- Software needs to be able to handle network disconnections

- GPS needs to be able to pin-point at which stop the bus is currently stopped, even with bad GPS coverage in larger cities

- If the bus skips a stop because of a detour, the software should be able to detect it and announce the next stop

- The announcement should be bi-lingual for Airport busses

- The announcement should work for people with hearing aids

- Server needs to know all bus-stops

- Server needs to know different stop types, such as bus terminals, intersection stops, regular stops, hand-over stops, virtual stops

- Server needs to be able both work of a yearly bus schedule and real-time update

- Server needs to output in an understandable JSON/XML because the government subsidies demand an open-data format

- Server needs to publish data to an open-data server because of the subsidies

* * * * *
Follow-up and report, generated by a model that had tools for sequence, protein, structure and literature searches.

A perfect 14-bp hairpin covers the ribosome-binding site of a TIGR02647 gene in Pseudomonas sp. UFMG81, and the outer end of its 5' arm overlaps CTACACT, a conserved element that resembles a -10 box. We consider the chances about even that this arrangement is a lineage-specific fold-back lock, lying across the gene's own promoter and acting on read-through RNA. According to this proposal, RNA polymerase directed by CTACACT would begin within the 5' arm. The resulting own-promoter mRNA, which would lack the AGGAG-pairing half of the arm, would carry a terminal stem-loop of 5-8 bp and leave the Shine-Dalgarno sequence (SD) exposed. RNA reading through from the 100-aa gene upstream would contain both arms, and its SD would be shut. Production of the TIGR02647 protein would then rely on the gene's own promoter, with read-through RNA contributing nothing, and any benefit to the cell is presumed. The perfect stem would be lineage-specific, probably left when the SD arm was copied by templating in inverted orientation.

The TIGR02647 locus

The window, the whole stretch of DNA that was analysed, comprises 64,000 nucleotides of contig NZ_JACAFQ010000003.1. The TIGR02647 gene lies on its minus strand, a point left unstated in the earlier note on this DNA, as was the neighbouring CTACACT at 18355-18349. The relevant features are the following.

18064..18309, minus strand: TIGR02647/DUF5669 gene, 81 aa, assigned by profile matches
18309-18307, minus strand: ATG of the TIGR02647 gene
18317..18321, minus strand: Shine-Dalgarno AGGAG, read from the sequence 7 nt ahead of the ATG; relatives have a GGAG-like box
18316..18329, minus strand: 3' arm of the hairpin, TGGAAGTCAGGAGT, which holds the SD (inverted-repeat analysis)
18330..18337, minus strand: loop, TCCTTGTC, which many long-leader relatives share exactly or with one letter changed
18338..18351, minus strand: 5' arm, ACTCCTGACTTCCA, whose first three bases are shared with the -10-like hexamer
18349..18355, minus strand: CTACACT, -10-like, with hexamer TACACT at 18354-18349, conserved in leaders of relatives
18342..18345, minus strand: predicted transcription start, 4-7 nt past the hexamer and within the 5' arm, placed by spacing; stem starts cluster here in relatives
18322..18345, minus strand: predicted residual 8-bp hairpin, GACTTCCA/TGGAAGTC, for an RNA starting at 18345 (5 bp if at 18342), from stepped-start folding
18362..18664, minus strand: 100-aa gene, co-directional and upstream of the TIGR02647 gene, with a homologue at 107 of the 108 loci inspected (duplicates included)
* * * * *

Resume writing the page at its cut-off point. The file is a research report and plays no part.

- Because the bus-company is sponsored by European Union money the control interface should be translated to German/French/English/Spanish

And now this weekend project takes a team of 10 engineers working for a year.

All London buses do this. I don't think you need a server, 3G/4G connectivity or even GPS really. You might be over thinking it.

On the other hand, the overthinking in question (which is probably true for bare-bones next stop indication) provides the base for my personal bus bug: know if/when a bus is reaching a stop from outside the bus in question, especially with geofencing, in order to know whether the bus I want to take is running early/late/not.

This is available for public buses in NYC. The city added GPS to their buses and then the ability to query distance from current stop via SMS.

Then they opened their APIs, and now I have a half dozen apps to choose from that will show the approximate time until the next bus from a particular line will reach any given stop.